Interpersonal space (IPS) is the area surrounding our own bodies in which we interact comfortably with other individuals. During the COVID-19 pandemic, keeping larger IPS than usual, along with wearing a face mask, is one of the most effective measures to slow down the COVID-19 outbreak. Here, we explore the contribution of actual and perceived risk of contagion and anxiety levels in regulating our preferred social distance from other people during the first wave of the COVID-19 pandemic in Italy. In this study, 1293 individuals from six Italian regions with different levels of actual risk of infection participated in an online survey assessing their perceived risk to be infected, level of anxiety and IPS. Two tasks were adopted as measures of interpersonal distance: the Interpersonal Visual Analogue Scale and a questionnaire evaluating interpersonal distance with and without face mask. The results showed that the IPS regulation was affected by how people subjectively perceived COVID-19 risk and the related level of anxiety, not by actual objective risk. This clarifies that the role of threat in prompting avoidant behaviors expressed in increased IPS does not merely reflect environmental events but rather how they are subjectively experienced and represented.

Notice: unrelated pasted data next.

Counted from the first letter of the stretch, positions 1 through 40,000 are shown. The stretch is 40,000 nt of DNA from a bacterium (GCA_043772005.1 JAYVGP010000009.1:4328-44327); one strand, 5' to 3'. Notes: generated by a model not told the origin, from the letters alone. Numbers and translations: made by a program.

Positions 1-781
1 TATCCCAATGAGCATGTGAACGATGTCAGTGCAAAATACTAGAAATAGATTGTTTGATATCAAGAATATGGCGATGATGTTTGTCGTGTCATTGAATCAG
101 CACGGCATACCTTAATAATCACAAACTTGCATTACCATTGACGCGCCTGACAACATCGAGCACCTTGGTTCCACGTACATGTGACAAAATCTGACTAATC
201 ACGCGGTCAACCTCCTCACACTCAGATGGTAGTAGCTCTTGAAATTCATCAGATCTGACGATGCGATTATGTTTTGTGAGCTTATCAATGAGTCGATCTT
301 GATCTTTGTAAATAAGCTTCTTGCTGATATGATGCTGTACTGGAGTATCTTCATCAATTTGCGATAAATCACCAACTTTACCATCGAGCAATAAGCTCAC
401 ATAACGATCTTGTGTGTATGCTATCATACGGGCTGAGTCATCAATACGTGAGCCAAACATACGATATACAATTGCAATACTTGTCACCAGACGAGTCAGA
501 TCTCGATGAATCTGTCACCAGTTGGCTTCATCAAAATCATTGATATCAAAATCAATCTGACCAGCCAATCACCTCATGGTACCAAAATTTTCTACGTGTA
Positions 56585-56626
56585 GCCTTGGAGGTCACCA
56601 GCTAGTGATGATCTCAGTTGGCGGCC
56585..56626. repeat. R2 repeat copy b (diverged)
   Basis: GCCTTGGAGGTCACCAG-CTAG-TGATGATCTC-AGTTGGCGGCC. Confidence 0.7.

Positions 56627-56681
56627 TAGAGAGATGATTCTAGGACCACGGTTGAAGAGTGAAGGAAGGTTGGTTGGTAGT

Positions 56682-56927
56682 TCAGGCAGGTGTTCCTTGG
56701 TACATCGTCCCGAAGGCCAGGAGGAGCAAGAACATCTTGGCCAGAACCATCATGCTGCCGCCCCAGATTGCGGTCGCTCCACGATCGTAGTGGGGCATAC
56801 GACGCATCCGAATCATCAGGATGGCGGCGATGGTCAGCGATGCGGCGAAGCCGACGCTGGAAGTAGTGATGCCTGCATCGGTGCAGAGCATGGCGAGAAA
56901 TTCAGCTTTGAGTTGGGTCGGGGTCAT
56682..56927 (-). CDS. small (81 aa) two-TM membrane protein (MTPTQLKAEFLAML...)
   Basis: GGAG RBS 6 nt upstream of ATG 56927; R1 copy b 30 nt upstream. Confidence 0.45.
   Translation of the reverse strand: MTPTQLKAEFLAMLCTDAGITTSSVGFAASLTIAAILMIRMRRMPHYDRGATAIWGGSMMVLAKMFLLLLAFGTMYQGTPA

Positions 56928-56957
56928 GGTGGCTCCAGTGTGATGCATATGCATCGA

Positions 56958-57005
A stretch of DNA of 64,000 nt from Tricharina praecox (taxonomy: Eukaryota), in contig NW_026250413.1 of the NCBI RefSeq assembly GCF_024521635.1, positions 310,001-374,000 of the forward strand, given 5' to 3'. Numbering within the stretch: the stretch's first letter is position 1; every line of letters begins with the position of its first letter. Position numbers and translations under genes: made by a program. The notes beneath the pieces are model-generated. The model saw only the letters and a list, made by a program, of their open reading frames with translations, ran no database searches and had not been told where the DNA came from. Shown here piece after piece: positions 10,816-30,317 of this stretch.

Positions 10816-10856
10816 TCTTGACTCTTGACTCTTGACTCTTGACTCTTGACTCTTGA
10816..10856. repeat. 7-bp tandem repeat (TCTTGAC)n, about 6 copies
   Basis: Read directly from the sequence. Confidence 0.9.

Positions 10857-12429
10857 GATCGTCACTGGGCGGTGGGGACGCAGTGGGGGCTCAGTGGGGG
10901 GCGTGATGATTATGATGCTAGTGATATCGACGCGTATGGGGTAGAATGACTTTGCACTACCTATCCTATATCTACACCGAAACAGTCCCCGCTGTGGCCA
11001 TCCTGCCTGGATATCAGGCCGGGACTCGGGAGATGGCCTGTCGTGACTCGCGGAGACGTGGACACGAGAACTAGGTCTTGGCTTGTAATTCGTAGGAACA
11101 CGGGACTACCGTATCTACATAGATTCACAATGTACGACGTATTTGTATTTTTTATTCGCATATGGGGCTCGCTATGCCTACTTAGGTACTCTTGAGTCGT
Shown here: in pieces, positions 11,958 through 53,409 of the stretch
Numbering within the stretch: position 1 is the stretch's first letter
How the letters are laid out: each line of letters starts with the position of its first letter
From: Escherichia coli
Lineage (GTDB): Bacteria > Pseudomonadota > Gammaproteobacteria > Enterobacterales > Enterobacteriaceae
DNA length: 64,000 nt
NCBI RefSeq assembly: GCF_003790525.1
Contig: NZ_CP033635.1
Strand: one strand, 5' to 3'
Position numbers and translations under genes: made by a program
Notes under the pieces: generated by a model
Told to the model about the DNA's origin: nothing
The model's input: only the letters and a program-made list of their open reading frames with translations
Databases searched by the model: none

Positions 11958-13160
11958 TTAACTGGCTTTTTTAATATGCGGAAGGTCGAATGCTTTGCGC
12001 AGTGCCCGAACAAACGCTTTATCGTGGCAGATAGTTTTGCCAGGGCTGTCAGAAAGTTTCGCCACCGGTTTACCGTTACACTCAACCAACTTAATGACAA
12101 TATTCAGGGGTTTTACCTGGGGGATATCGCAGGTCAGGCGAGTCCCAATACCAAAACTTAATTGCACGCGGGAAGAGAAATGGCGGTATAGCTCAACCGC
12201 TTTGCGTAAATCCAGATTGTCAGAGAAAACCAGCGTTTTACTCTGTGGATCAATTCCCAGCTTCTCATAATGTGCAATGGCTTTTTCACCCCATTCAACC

|Titolo:||Social distance during the covid-19 pandemic reflects perceived rather than actual risk|
|Data di pubblicazione:||2021|
|Appare nelle tipologie:||1.1 Articolo in rivista|